Having a child of your own allows you this insanely rare opportunity to do everything right from the get-go.

But becoming a mom or dad allows us to do just that. And I have tried to remind myself of that a lot since Violet was born 7 years ago. It hasn’t been that easy though, and a lot of it has to do with the fact that I’m not a rich man. And between you and me, hell, I’m not even freakin’ close.

So I’m struggling with this voice up in my head, with this dagger in my heart that pokes me in my chest. I’m always staring at this demon who says,”You know dude, you living out on this flimsy branch, dangling out over real financial disaster, it’s pathetic.”

I sigh. I get so frustrated. But he ain’t done. He’s never done, you see.

“You ought to be ashamed of yourself, man! You ought to look at these kids you created and be ashamed that you don’t have the loot to do it all right.”

And right about there is when I have to drop him in his tracks. Because right about there is the line in the sand for a guy like me. I’m so proud of my kids. I love them as much as any dad has ever loved his kids. We’ve been through a lot together. We’ve weathered the divorce storm and settled in new homes and tried our best to hold each other up even when we had no idea that that’s exactly what we were doing. So if I allow that guilt that comes with embarrassing bank account stats and mounting bills and question upon question about when or where it will ever end, if I permit that voice to destroy me, I know one thing is for certain.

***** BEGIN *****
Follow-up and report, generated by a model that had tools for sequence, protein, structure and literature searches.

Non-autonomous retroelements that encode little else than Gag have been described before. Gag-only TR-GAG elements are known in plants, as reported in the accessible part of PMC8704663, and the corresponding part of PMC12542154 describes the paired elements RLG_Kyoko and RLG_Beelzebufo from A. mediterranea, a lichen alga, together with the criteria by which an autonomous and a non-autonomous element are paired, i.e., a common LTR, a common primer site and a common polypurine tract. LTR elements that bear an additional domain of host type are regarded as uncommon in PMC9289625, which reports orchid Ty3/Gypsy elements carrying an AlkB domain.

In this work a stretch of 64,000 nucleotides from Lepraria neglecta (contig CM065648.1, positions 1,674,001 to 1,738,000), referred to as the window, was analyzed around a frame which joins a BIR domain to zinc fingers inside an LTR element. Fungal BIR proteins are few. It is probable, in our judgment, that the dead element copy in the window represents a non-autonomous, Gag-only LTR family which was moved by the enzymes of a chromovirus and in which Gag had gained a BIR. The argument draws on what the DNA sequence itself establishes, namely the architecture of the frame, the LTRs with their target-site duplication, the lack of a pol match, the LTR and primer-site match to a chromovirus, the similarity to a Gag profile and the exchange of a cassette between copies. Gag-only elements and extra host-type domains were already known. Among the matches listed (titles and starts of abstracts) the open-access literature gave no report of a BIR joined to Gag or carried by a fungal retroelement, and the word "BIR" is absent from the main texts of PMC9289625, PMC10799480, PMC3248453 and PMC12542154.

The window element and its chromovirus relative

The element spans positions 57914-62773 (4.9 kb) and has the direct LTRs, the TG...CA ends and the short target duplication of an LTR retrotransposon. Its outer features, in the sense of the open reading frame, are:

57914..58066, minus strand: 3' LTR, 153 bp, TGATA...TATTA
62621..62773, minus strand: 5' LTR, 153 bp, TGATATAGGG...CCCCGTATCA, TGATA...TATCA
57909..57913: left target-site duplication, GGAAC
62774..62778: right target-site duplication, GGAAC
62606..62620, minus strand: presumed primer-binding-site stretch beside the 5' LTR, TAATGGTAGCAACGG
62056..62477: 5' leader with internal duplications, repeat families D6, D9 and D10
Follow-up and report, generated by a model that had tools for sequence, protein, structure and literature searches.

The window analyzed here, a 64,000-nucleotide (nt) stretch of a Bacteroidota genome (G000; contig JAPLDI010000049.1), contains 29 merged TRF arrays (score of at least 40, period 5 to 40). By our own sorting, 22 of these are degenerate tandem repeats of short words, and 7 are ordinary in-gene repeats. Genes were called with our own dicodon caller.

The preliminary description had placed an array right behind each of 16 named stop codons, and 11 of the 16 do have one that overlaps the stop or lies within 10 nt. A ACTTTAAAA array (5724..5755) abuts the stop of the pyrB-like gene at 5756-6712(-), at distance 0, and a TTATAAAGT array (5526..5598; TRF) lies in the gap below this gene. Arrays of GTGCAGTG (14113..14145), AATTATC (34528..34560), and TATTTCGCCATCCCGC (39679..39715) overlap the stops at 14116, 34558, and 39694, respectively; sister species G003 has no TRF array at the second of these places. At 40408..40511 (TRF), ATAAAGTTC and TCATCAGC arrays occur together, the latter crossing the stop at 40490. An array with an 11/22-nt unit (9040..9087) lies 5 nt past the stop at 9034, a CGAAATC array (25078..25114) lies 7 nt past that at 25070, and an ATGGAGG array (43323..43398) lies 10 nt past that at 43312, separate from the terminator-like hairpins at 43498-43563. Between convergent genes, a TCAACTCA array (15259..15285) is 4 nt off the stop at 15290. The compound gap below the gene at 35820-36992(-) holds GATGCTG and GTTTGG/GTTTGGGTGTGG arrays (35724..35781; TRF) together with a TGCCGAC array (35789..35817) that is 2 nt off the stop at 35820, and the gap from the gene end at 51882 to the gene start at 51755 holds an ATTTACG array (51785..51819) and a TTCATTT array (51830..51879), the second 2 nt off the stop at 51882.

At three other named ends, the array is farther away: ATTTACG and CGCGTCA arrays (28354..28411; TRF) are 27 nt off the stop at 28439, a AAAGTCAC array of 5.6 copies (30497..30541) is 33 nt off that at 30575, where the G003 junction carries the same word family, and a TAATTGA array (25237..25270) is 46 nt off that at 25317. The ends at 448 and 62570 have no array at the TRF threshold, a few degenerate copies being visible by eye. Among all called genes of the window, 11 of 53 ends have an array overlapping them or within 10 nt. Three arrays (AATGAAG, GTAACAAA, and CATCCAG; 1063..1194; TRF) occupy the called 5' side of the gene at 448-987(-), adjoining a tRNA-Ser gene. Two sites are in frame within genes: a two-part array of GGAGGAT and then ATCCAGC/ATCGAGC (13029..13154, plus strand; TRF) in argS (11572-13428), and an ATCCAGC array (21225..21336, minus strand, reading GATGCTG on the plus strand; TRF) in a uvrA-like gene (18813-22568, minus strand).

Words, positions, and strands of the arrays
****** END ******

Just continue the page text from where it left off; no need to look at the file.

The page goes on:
The love will suffer. Our lives would suffer. My kids might suffer. I’ve been close to that flame, man. I have felt its burning and whiffed its char at the edge of my mind. And I cannot let that happen. I cannot let the fact that I don’t always have the money that so many others have ever creep into our living room (just the one, we like it that way). Or our bedrooms (2 for 4 of us). Or our bathroom, all chaos and crazy in the morning when we’re all in there brushing our teeth together.

F–k that noise.

“Rich” is a loaded word. It doesn’t always mean what it’s supposed to.